On Friday, California’s bondholders finally got the most up-to-date look at the government’s audited financial statements, revealing how things looked when the economy was in the midst of a record-long expansion, nobody had Covid-19 and the state’s savings account was rapidly growing.
California’scertified annual financial report for the 2019 fiscal year — which ended 16 months ago — is later than any other state’s, a dubious distinction in a corner of the bond market known for the slow pace of such disclosures.
California had blamed the delay on the difficulty multiple agencies had with rolling out a new accounting system called the Financial Information System for California (FI$Cal), a $1.06 billion modernization project that has ballooned in cost since originalestimates. The coronavirus pandemic subsequently complicated the task.
Many other states were far more timely, closing the books on their years within six months. Big companies do it even faster: Securities and Exchange Commission rules require them to file their annual reports within 60 days.
While California does provide regular updates on budgets and debt, the so-called CAFR includes other information such as pension liabilities that are integral to rating-company decisions. The document filed Friday showed the state’s sum of liabilities, deferred inflows and net position had grown to $329 billion from $310 billion the previous year.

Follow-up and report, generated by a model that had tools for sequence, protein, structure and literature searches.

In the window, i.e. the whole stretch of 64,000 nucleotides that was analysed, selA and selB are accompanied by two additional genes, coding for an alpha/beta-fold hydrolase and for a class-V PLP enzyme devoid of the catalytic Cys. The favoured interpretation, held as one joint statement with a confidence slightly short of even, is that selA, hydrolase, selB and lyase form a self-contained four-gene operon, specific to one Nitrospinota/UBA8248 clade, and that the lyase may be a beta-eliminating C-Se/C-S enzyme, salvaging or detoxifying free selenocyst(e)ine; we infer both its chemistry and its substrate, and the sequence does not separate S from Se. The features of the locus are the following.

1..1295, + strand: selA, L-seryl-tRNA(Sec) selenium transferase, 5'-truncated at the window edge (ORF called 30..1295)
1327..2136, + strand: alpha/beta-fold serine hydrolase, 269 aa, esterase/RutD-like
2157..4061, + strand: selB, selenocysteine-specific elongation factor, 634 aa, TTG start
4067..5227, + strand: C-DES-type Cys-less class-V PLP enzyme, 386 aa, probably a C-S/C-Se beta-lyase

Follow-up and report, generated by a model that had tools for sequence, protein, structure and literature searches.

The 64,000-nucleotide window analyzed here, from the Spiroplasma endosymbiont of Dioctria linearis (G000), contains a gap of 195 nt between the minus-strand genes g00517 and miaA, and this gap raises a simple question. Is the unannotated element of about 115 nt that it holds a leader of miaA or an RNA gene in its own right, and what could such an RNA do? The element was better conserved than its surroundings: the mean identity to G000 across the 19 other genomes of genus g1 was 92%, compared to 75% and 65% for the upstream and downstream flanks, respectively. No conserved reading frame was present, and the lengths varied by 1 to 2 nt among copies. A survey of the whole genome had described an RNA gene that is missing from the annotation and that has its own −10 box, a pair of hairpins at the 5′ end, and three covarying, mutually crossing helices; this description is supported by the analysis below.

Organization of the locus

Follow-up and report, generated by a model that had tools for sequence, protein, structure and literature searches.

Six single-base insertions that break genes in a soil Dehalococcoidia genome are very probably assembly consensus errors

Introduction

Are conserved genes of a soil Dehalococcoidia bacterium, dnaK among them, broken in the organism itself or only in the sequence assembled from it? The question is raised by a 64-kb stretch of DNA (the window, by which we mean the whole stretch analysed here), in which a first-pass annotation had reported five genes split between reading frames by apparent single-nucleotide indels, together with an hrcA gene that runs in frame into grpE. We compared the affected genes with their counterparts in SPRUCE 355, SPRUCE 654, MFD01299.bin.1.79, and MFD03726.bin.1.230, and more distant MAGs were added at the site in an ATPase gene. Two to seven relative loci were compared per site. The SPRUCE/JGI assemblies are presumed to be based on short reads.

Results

State Controller Betty Yee had pushed back her estimates several times for when the 2019 report would come out because of the difficulties the state’s departments had in using the new technology to produce their statements that go into it. Even Illinois, on the brink of being the first U.S. state to fall to junk status, filed its 2019 audit in April, or about 10 months after the end of its fiscal year.
To be sure, investors are more concerned about the state’s response to closing the deficits triggered by the pandemic than about a document that lays out its fiscal position before the onset of the worst recession of modern times.
But the outdated statements illustrate a long-running gripe about the loose disclosure rules in the $3.9 trillion municipal market. They also leave taxpayers unaware of long-term expenses like workers’ pensions, said David Crane, an adviser to former Governor Arnold Schwarzenegger and president of Govern For California, which funds state lawmakers’ campaigns.
The costs of these obligations aren’t necessarily disclosed in annual budgets but get “spread out over time,” Crane said before the 2019 filing came out.
“It’s all created without voter approval or knowledge. That’s what the CAFR discloses,” he said. “And that’s how you find out the truth about an enterprise.”
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